Washington, April 4 – As voters head to the polls in Wisconsin tomorrow, RespectAbility released its Wisconsin Disability Voter Guide. The #PwDsVote 2016 Campaign Questionnaire was designed for people with disabilities (PwDs) and those who love them to know where candidates stand on the issues. The questionnaire asked all of the presidential candidates on both sides of the aisle to comment on 16 disability questions. Former Sec. of State Hillary Clinton and Sen. Bernie Sanders responded by addressing all of the questions, and Ohio Gov. John Kasich filled out parts of the questionnaire. They each have significantly different views on the issues. Despite numerous requests in person and by phone and email, the campaigns of Sen. Ted Cruz and Republican frontrunner Donald Trump have not yet filled out the questionnaire.
RespectAbility is nonpartisan and does not endorse candidates. The questionnaire is purely for educational purposes as voters go to the polls.
Fully one-out-of-five voters have a disability, and 52 percent of likely voters have a loved one with a disability. Only 34 percent of working-age Americans with disabilities have jobs, despite the fact that the vast majority want to work. More than 11 million working age people with disabilities are now living on government benefits in our country.
RespectAbility President Jennifer Laszlo Mizrahi said, “Our community is looking for jobs so we can achieve the American dream, just like anyone else. It is vital for us to know where the candidates stand economic, stigma, education, safety, transportation, housing, healthcare, foreign affairs and other issues. The candidates have hugely different ideas about how to deal with the issues. Thus, it’s extremely important to read their full answers so you can understand their vast differences.”
Wisconsin’s 39.8 percent labor force participation rate (LFPR) for people with disabilities is well above the national average of 30 percent. However, states like North and South Dakota have both achieved a 50 percent LFPR level for people with disabilities. View the rankings of all 50 states and compare.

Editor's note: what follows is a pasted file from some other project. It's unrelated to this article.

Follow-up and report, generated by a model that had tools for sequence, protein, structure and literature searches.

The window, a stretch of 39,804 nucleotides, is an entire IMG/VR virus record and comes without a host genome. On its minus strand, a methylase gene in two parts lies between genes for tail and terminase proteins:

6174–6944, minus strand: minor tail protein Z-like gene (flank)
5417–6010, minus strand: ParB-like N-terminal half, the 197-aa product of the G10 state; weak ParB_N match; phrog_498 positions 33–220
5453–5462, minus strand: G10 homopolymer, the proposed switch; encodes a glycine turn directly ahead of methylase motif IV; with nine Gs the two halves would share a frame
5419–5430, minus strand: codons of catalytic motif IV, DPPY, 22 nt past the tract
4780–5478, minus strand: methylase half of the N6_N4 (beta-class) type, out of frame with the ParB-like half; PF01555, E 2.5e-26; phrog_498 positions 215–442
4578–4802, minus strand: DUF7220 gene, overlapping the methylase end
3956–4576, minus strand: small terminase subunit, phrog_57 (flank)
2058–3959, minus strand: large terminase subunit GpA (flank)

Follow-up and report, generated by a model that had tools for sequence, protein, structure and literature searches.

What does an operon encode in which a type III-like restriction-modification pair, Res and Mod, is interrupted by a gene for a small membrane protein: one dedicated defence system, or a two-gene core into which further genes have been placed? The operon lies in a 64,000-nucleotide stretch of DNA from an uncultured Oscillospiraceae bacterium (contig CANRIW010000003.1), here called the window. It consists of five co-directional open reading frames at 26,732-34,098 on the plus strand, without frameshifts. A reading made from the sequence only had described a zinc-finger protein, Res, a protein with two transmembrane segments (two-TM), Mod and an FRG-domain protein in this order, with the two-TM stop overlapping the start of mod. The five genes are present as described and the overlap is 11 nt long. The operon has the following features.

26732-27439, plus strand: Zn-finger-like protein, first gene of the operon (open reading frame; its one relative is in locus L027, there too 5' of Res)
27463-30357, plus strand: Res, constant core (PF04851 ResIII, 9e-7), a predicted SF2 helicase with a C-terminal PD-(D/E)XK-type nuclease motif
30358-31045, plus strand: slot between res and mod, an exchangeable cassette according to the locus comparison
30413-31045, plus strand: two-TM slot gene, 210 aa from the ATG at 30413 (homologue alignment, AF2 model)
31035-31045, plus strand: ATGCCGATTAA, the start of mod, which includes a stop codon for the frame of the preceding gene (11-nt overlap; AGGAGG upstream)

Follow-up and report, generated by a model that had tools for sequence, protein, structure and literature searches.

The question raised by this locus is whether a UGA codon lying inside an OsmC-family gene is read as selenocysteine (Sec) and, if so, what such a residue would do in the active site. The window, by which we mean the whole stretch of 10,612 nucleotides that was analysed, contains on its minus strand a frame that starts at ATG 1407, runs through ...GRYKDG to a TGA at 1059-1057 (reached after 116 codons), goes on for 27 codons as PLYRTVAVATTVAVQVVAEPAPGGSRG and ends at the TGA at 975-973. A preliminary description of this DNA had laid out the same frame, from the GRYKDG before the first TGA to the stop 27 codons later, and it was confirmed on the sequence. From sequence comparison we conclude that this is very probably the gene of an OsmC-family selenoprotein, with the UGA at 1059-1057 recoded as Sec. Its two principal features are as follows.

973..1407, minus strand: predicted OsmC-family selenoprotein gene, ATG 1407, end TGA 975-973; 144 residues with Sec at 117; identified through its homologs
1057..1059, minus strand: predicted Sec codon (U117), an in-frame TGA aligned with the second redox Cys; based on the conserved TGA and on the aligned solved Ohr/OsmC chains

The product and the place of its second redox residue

RespectAbility has submitted comments for all 50 state’s drafts of the Unified Plan as required under Section 102 of the Workforce Innovation and Opportunity Act (WIOA). The Wisconsin WIOA draft is well done. It creates a win-win-win strategy and system for vital improvements for Wisconsin’s workforce system and its ability to serve people with barriers to work, employers and taxpayers alike.
As Baby Boomers retire and Wisconsin’s economy evolves, the Badger State is starting to experience an increasing talent shortage. There are 312,200 people with disabilities between the ages of 21 to 64 in Wisconsin and 60 percent of them are outside of the workforce. Many of those who are working are only working part time and/or are under-employed. A recent detailed study by the Kessler Foundation and the University of New Hampshire shows the 70 percent of working-age people with disabilities are striving for work.
RespectAbility has had the honor of meeting with Gov. Walker and Secretary Reggie Newson to discuss best practices as part of our national coalition with Paralyzed Veterans of America, the Independent Living movement, NACDD, Best Buddies and NOD. Gov. Walker has been a champion for the highly successful Project SEARCH model. It is achieving 70 percent employment outcomes for young people with disabilities.
However, the gap in the labor force participation between people with and without disabilities is 41 percent. This lack of employment for people with disabilities creates poverty, powerlessness, and poor health. Polls and studies show that people with disabilities want the opportunity to have the dignity and independence that jobs provide.
America has 1.2 million youth with disabilities, between the ages of 16 and 20. Each year 300,000 of them age into what should be the workforce, but stigmas and lack of knowledge about the capabilities of people with disabilities means that most do not find employers willing to hire them. Young adults with disabilities in all of these states are hoping to find work. They have high expectations and deserve the opportunity to achieve the American dream. Young people with disabilities may simply need some thoughtful help to transition into the workforce. See data on all 50 states here: State Data.
RespectAbility will continue to urge Cruz and Trump to submit their ideas for the disability community. When they do so, we will update the guide. The questionnaire is being distributed to more than 50,000 people who care about disability issues, more than ten thousand of whom live in the early primary states and the heads of more than 100 national disability organizations, many of whom will share with their own lists. RespectAbility also has placed online ads sharing the questionnaire.